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Navigating youth and their families through what is often a complex mental health system is a job that is frustrating but also an honor.  As a licensed social worker, my compass through the journey is guided by a group of core values. The National Association of Social Workers defines our core values as service, social justice, dignity and worth of the person, importance of human relationships, integrity, and competence. When feeling frustrated about the work, grounding ourselves in these core values is a good place to start.

However, these values often lack an operational definition. In mental health or healthcare practice, how do these values play out?  How do you measure them? Enter the Society For Participatory Medicine, Manifesto. After a quick glance I see how both the Manifesto and core values of social work complement one another. The ability to share and listen, respect one another, share information responsibly, promote curiosity, and be a team builder are keys to good social work practice.

Working with children and families who require significant mental health intervention, they have been told by a variety of systems what to do for a long time. Schools, crisis services, hospitals, residential services, and in some cases authorities like Child Protective Services and Probation, have given advice on how to treat their child. What they often need is someone to simply listen to them. After months and sometimes years they have been talked at by these various stakeholders at community organizations. When people have experienced multiple mental health crises, they need to be talked with, not at. 

The SPM Manifesto highlights the importance of listening to where people have been and not just assuming that your words are what they need in a time of crisis. Asking open ended questions and not consistently trying to fix the problem can often be more powerful. We can create change by promoting inquiry and curiosity. We can hold space for our solutions while honoring the wishes of those in our care. With this comes respect and the need to acknowledge experiences without judgement. The mental health system is often prescriptive and ignores individual experiences. It is our job as professionals to honor individuals’ experiences. These principles begin to define the importance of human relationships and the dignity and worth of individuals.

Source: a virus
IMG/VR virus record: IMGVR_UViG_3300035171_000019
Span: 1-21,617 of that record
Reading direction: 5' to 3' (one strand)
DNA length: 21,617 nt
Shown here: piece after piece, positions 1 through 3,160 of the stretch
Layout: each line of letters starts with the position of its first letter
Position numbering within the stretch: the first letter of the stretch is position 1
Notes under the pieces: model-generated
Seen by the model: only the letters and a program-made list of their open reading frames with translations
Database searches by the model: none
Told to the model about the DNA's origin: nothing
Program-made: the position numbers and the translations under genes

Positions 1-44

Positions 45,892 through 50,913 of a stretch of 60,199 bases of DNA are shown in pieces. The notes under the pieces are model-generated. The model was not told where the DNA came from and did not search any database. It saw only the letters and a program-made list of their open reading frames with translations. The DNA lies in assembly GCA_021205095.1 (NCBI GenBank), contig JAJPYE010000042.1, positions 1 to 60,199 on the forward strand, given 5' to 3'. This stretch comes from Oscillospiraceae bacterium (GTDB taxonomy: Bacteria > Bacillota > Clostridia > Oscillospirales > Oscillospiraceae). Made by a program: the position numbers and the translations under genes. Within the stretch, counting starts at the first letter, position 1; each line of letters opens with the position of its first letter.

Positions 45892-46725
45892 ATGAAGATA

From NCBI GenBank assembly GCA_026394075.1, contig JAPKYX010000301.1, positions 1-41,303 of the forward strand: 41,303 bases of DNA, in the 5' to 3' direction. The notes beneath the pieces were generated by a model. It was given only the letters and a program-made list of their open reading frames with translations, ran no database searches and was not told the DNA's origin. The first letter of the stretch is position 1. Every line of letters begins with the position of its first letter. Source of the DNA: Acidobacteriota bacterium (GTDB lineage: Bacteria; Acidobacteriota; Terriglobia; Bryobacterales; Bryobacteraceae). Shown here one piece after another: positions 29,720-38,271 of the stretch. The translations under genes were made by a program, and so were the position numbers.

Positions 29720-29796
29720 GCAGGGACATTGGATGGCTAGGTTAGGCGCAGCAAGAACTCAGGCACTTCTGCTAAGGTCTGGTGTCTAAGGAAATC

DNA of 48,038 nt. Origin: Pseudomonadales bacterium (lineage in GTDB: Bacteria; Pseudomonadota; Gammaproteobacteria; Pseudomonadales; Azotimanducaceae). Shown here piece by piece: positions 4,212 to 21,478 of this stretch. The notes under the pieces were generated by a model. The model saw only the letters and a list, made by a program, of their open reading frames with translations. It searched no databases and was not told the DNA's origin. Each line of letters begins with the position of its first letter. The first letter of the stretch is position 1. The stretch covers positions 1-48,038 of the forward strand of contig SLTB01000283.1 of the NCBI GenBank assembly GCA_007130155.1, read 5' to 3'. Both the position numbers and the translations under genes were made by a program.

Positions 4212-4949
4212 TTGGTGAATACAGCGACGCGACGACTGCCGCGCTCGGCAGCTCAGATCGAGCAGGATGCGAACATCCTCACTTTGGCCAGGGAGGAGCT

Dignity is further given when families feel like they have choice. When in crisis, people often feel like they have no choice or options. Individuals have the right to be informed and question the choices being given. In order to feel control of their lives, people need choices and options. We need to do this with competence and in a way that sounds genuine. Providing people with information is often a social justice issue. People are not often equipped with all the information they need to make a decision. Giving this information furthers the ethical principle of integrity as well.

Last but certainly not least, being a team builder is key to giving life to social work values. A careful examination of how as providers we “treat people as partners, peers, and collaborators” challenges almost all the core values of social work.  Also how we “learn and respect people’s goals, values, and preferences” can change how we engage with individuals who are in crisis. As providers, we often feel like we have the answer, however that is often based on our goals and values not the values of the families we serve.

It can be hard work to look at ourselves as providers, but from an ethical standpoint it is key to look at the values of our profession and examine what they mean to the people we serve. Taking the time to examine the core values of social work and where they rest with the SPM Manifesto was a helpful exercise. I challenge you to see what the SPM manifesto means to you and your profession.  Social work values have found kinship with these ideas. My hope is that other professions will find it too.

Sean Erreger is a Licensed Clinical Social Worker in Upstate New York. He’s had experience in a variety of mental health settings, primarily with youth and families. Additionally he is an adjunct instructor and also writes on his blog, entitled Stuck On Social Work .

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